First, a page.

What Are The Inequities?

What are the inequities?

are students receiving the proper resources to succeed?

Students need the proper resources to receive the education they deserve to succeed.

Created by: Sydney Lynch

inequity in school impacts student growth

Extensive research done by the Economic Policy Institute has found that children’s social class is one of the most significant barriers of the educational success of a child. It is increasingly shown that performance gaps by social class take a position in the earliest years of children’s lives and will only increase the years that follow. When children get far behind, they are rarely able to make up the lost ground. To be successful, students need adequate learning materials inside and outside of the classroom, as well as equal opportunity among all students. Education is a gateway for an opportunity—a pathway to progress through which young people acquire the skills, knowledge and experiences to obtain good jobs and have bright futures. Yet in the U.S., education is highly inequitable.

On average, students from minority backgrounds, immigrant origins, and economically disadvantaged families leave school earlier, receive fewer degrees and certificates and exhibit lower academic skills than their more privileged peers. To address these inequalities, we need research that identifies effective responses to the challenges that give rise to unequal opportunities and outcomes. 

The digital divide, as far as education goes, it is often referred to as the “homework gap” due to the challenges that students in technology-deficient circumstances face when trying to do their homework outside of school grounds. This gap continues to widen as teachers incorporate technology-based learning into their daily activities. As most recent as 2018, research about the digital divide has focused on the US population generally, with little attention paid to determining whether the divide exists among students in the US education system.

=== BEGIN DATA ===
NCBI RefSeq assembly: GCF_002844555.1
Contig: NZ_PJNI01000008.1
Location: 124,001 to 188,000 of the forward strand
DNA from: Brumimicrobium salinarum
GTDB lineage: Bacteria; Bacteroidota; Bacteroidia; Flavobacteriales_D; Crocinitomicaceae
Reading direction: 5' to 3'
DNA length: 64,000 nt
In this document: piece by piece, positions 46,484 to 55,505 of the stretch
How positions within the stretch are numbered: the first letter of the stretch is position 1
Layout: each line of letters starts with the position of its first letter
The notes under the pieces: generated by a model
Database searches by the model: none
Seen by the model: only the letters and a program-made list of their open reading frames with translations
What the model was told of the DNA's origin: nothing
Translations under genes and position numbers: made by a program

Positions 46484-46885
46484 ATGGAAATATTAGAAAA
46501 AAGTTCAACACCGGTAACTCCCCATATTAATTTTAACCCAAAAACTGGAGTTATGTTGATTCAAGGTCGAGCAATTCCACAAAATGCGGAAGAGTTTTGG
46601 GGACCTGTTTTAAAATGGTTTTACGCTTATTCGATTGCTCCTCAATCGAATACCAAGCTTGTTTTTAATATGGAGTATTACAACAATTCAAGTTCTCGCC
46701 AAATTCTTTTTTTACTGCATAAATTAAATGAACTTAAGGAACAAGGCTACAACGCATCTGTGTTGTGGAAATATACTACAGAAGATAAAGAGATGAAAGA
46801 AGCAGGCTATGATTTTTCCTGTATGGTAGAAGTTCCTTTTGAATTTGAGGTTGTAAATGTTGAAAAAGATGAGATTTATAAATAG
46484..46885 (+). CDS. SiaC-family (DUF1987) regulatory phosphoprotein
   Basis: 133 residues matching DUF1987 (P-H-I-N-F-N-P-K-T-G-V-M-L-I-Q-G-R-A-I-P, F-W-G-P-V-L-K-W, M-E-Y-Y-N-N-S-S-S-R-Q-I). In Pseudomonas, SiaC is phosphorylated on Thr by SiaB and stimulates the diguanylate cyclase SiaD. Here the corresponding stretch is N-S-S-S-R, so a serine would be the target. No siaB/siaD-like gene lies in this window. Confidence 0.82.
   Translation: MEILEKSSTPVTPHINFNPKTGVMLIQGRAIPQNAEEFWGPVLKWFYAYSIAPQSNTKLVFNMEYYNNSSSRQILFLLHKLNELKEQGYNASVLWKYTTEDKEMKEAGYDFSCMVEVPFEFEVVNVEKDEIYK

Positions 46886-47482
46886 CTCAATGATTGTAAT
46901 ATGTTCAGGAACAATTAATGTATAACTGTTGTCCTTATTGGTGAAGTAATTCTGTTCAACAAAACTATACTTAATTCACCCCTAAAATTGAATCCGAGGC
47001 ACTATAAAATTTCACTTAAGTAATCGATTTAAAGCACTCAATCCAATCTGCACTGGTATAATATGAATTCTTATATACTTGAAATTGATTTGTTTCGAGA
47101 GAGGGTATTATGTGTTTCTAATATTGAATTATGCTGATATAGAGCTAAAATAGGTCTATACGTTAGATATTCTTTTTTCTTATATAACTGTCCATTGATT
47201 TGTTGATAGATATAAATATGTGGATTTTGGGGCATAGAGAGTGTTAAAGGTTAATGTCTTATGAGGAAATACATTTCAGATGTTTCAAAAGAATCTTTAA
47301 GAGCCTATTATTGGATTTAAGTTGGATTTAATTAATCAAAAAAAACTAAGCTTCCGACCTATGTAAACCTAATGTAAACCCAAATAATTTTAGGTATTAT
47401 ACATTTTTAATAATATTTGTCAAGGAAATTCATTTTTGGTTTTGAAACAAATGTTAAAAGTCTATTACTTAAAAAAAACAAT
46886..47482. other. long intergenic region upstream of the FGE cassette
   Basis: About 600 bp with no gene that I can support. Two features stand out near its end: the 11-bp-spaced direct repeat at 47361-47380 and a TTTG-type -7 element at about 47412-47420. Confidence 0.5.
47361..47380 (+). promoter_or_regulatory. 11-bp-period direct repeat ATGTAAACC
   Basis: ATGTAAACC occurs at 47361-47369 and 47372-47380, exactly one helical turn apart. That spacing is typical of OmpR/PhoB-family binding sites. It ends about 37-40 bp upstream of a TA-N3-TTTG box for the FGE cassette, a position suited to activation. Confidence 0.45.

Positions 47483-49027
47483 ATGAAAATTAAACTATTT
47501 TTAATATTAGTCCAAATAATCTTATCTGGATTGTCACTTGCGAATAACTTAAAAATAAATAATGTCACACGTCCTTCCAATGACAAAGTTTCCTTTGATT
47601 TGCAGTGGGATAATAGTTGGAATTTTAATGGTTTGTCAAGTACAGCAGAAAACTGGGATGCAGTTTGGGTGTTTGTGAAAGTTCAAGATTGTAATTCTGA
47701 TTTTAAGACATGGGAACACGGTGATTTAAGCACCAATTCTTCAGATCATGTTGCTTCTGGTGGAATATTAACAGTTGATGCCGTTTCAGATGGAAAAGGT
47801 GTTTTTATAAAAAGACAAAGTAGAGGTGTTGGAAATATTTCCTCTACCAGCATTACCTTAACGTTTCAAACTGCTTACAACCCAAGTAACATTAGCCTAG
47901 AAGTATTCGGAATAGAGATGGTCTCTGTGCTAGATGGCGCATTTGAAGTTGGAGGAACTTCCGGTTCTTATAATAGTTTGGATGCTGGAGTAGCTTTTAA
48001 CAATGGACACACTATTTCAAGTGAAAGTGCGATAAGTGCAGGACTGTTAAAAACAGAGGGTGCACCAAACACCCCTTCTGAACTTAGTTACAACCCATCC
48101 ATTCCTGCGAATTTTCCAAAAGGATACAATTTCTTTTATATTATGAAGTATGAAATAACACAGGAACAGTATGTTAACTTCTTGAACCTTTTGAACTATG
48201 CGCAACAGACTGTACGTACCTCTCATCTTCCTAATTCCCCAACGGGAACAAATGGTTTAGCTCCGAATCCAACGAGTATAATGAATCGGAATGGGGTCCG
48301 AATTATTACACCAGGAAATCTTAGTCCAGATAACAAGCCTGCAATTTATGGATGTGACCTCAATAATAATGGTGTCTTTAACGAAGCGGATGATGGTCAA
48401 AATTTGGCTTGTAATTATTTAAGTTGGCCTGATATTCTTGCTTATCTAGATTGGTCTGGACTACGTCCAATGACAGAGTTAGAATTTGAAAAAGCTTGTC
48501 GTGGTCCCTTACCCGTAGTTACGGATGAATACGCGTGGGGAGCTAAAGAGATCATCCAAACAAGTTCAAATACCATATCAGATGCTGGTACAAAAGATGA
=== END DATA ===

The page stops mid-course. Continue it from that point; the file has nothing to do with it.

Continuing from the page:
The High School Students’ Access to and Use of Technology at Home and in School brief focused on overall survey results and results for selected subgroups. Students who have access to only one device at home represent 14 percent of all survey members who responded. 

85 percent of respondents reported having access to anywhere from two to five devices at home. The 1 percent of respondents reported having access to no devices at home, therefore little can be reported about device type and use. Students with access to only one device may need to share that device with other family members in their household. These family members might include siblings who also need the device for homework and other school-related activities. This limits the availability of the device for homework and other similar activities. In addition, if the device breaks, students will not have an additional device with which to complete school–related activities. Students with access to more than one device are less likely to face these challenges. 

The American education system is not equitable for a number of reasons. According to The Edvocate, some of these reasons include parents not being involved as much as they should be. Time spent in the classroom is simply not enough for teachers to instruct every student, to teach them what they need to know. There must be some interaction outside school hours provided by parents or family. Of course, students at a socio-economic disadvantage often struggle in school, particularly if parents lack higher levels of education. Another reason is lack of funding in public schools, making them overcrowded and subject to inadequate supplies. A study by the Nation Center for Education Statistics found that 14 percent of the U.S. schools exceed capacity. Students are not getting the individual attention that they need in order to obtain the skills they need to thrive as grown adults. Some of these schools will close due to lack of funding, as well as a shortage of teachers. 

A big reason most people are lost on in these times is the school-to-prison pipeline. Over half of black young men who attend urban high schools do not earn a diploma. Of these dropouts, nearly 60 percent will go to prison at some point. But what we fail to think about is, what if scoffing at a connection between a strong education and a life lived on the straight and narrow is an easy way to bypass the real issues in K-12 learning? Students who are at risk of dropping out of high school or turning to crime need more than a good report card. They need alternative suggestions on living a life that rises above their current circumstances. For a young person to truly have a shot at an honest life, he or she has to believe in the value of an education and its impact on good citizenship.

Written by: Ashley Moore

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